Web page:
Teaming Up for Change
Elizabeth Rasch is part of a multidisciplinary team developing innovative measures of disability using computer adaptive testing.
When Elizabeth Rasch, P.T., Ph.D., shook hands with a representative from the United States Social Security Administration (SSA) in 2007, she assured him that the process for assessing individuals seeking disability benefits could be improved. Little did she know that her confidence would win over $10 million in outside funding for the NIH Clinical Center’s Rehabilitation Medicine Department to develop a portfolio of cutting-edge disability measurement tools and systematic analytic approaches to inform SSA’s decision making processes. With Dr. Leighton Chan, Principal Investigator, at the helm, Rasch’s bold statement set in motion the evolution of a talented multidisciplinary team capable of taking on the enormous challenge.
Computerized adaptive tests (CATs), much like those used to test subject knowledge in academic settings, are now set to revolutionize how the SSA approaches disability applications. Compared to static tests with a fixed number of items, CATs maximize exam accuracy by successively presenting questions based on answers from previous questions. For example, if an examinee performs well on an item of intermediate difficulty, he or she will then see a more difficult question. Or, if someone performs poorly on a question, the next one would be simpler.
“The advantage of using CATs to evaluate individual capabilities is that the test self-levels based on the answers received,” Rasch explains. “So, when we’re testing for mobility, users who stated that they can only walk with a cane or crutches won’t be asked questions about how far they can run. The diminished redundancy makes this a far more efficient tool.” The CATs are being developed in partnership with the Boston University Health and Disability Research Institute and will include a number of assessment domains such as mobility, interpersonal interactions, and applied cognition.
In addition to making the evaluation tools more efficient, Rasch and her colleagues framed their approach using contemporary tools, such as the World Health Organization (WHO) International Classification of Functioning, Disability, and Health. In this context, work disability is viewed as the outcome of the interaction of individual capabilities relative to workplace demands. The ability to work is driven not only by what individuals can do, but the requirements placed upon them by particular jobs. “The current mobility assessment questions were written 50 years ago, when many more people had jobs in manufacturing,” Rasch says. “Questions on physical abilities are no longer as applicable as they once were, whereas questions on the cognitive abilities to operate a computer program, for instance, are far more relevant for today’s workforce. ”Similarly, there has been a shift in the type of disabilities being reported by applicants, from physical injuries such as loss of limbs in the 1950s, to mental health and musculoskeletal problems in 2012.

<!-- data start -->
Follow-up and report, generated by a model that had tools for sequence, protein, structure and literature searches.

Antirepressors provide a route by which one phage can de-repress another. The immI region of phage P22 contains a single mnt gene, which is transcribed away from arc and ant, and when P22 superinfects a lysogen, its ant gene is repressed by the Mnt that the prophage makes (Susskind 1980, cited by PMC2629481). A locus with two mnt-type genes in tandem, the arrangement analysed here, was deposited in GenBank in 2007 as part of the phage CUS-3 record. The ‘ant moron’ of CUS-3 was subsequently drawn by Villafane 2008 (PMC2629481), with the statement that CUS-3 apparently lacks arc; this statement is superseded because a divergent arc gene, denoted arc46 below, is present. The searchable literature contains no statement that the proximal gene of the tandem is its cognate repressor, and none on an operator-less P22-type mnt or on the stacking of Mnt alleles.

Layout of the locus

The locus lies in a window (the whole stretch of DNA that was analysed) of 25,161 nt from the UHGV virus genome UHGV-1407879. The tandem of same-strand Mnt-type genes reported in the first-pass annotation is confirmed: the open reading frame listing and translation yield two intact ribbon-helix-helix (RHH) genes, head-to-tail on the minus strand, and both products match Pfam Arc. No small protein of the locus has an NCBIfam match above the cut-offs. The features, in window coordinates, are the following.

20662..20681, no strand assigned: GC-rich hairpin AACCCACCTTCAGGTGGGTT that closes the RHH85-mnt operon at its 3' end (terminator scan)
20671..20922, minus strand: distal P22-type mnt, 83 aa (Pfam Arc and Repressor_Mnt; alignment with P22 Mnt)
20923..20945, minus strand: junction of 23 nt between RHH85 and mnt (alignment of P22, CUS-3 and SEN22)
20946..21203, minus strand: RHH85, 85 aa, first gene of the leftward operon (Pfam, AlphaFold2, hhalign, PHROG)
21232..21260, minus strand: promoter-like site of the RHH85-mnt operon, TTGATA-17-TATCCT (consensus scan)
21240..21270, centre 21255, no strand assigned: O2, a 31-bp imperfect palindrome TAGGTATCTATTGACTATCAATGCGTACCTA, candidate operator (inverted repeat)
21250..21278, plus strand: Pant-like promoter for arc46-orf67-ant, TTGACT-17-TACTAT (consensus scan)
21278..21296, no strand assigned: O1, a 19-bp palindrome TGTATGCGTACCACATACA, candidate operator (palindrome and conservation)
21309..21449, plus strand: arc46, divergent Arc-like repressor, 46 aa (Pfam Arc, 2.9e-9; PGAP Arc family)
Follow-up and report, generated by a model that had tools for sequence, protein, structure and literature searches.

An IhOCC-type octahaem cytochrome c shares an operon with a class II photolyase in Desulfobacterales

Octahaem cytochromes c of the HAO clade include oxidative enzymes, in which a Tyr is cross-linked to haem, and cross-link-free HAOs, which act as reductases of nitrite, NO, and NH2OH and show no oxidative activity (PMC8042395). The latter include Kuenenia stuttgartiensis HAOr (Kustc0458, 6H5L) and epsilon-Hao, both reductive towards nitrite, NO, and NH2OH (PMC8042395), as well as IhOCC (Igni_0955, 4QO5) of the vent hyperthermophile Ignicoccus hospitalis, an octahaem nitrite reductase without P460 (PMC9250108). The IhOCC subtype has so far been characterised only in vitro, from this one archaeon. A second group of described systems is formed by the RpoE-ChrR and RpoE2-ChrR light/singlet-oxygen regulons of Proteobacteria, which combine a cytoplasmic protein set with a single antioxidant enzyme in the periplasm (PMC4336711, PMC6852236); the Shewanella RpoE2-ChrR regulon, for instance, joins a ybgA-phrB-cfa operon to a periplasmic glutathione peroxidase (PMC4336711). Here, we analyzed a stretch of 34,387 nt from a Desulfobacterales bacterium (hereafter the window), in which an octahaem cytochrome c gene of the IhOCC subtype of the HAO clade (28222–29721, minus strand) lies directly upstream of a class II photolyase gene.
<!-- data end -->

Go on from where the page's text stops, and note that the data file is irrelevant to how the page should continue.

The overall scope of the project is huge, with new CATs needed for both healthcare professionals and patient self-reporting, all of which must match the new standards defining the types of jobs in which people now work. Rasch estimates the overall development time for the new CATs will be on the order of eight years, but she isn’t fazed by the enormity of the project. Supported by a team of physicians, physical therapists, health policy experts, health service researchers, economists, mathematicians, engineers, and computer science specialists, Rasch takes great pride in the accomplishments of her colleagues. “It’s a privilege to be part of such a diverse group, developing new models for the health services and simultaneously changing the field as we know it,” she says.
In addition to CAT development, Rasch and her team are working on an important supporting project—developing systematic, data-driven analytical approaches, using SSA’s own administrative data, to inform SSA’s decision making processes regarding disability evaluation. One sub-project involves augmenting the list of diseases designated for Compassionate Allowances—a program that helps the SSA quickly identify and provide benefits to severely disabled individuals, as defined by predetermined objective medical criteria. The SSA receives over three million applications each year, but individuals with diseases like cancer and neurodegenerative illnesses often do not have time to wait for adjudication. Rasch and her team quickly started establishing mortality profiles for recognized Compassionate Allowances diseases, numbering 88 in 2010, and then created a “survival surface”—a three-dimensional curve enabling researchers to identify diseases with a similar rate of mortality. Thanks to those efforts, the number of conditions immediately eligible for disability benefits has expanded to 113, and it will likely further increase to 200 conditions by the end of 2012.
“It’s pretty incredible to be working in a field where the work we’re doing today can literally lead to changes in the legislation tomorrow,” Rasch says. “That’s a strong driving factor me—knowing that I’m part of a team that’s really helping to drive change.”
This page was last updated on Thursday, January 20, 2022